Boston City Hall was an atrocious waste of space when it first rose above the grave of Scollay Square in the 1960s. It’s been that way during all of Mayor Tom Menino’s 20 years in office, and the building won’t be any kinder to the person who replaces him in January. The seat of city government is the worst building in the city, and it’s dragging down the downtown neighborhood surrounding it. Boston’s next mayor should walk into City Hall with one thought in mind: tearing the building down.
Representative Marty Walsh, one of the dozen mayoral hopefuls, reignited the debate over City Hall’s future last week when he proposed leveling the massive concrete structure and selling it for private redevelopment. Several of Walsh’s mayoral rivals publicly ripped the plan, and Menino dismissed it as a “silly season” campaign gambit. “That’s an old issue,” Menino told the State House News Service. “I had it many years ago, got criticized for it.”
Nagging details brought down the proposal to demolish City Hall both times it surfaced in recent years. Menino’s initial bid at dumping it, announced in late 2006, ran aground because it came coupled with a bizarre plan to erect a new City Hall deep in the South Boston waterfront. Walsh’s election-season rehash of the failed idea made it easy fodder for rival campaigns.
Still, the demolition proposal isn’t unworthy just because it’s familiar.
Bostonians have long chafed at City Hall — going all the way back to John Collins, the mayor who oversaw the design competition that gave birth to City Hall, but who yelled out in horror upon seeing the building’s design. The hulking brutalist concrete structure is beloved by a small group of modern architecture fans in Boston, but it’s panned as the city’s ugliest building by almost everyone outside that tiny club.
City Hall is so ugly that its insane upside-down wedding-cake columns and windswept plaza distract from the building’s true offense. Its great crime isn’t being ugly; it’s being anti-urban. The building and its plaza keep a crowded city at arm’s length. It disperses crowds, instead of gathering them together. It creates an island of inactivity, several blocks long and wide, in the middle of what is otherwise a bustling commercial district. It’s as if the complex’s architects vowed to make up for the bawdy sins of Scollay Square by creating a space that no one would ever want to congregate around. The primary function of cities is clustering people together, but City Hall goes to great lengths to repel them.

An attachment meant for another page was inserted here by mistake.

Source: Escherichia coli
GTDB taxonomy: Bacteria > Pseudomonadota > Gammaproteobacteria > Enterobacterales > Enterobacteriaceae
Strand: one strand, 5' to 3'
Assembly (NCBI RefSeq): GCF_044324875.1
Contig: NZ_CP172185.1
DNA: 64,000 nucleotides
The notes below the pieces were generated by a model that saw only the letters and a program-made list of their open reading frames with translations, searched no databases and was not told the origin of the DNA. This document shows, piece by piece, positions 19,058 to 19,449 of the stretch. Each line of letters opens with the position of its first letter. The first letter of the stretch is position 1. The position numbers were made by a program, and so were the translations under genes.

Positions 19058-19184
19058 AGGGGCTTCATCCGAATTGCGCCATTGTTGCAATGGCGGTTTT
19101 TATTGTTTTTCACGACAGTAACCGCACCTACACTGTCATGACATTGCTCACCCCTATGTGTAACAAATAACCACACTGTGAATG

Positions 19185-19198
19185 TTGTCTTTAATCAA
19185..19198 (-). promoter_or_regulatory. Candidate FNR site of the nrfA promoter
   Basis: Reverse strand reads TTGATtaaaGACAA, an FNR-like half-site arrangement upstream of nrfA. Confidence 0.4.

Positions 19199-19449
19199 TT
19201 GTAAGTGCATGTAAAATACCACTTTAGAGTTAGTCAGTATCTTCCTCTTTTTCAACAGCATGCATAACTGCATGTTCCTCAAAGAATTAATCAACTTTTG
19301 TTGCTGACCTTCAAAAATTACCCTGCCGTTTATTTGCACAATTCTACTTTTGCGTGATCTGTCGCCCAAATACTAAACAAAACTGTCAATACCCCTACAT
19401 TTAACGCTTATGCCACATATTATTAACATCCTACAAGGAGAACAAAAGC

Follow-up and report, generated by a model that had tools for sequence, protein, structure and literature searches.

This is not a political problem, but a design one. Walsh rightly notes that cities work best when they handle multiple shifts of activity in one place, where office workers and after-work diners and residents all mingle. This is the great victory of the Back Bay, and it’s the direction huge swaths of Boston, from North Station to the Seaport, are headed in. As long as City Hall stands, it creates a part-time neighborhood in a full-time city.
The costs of letting City Hall stand are far steeper now than they were in the urban renewal era, when downtown land was at a surplus. Downtown Boston is running out of office tower development sites. Boston only has six major office development sites left downtown. It needs to find new room to grow. City Hall and the surrounding plaza could easily yield four new towers in a part of town that’s desperate for new land, and urbanize a part of town that’s been dark for half of a century. That’s not a political platform. It’s a map to the city’s economic future.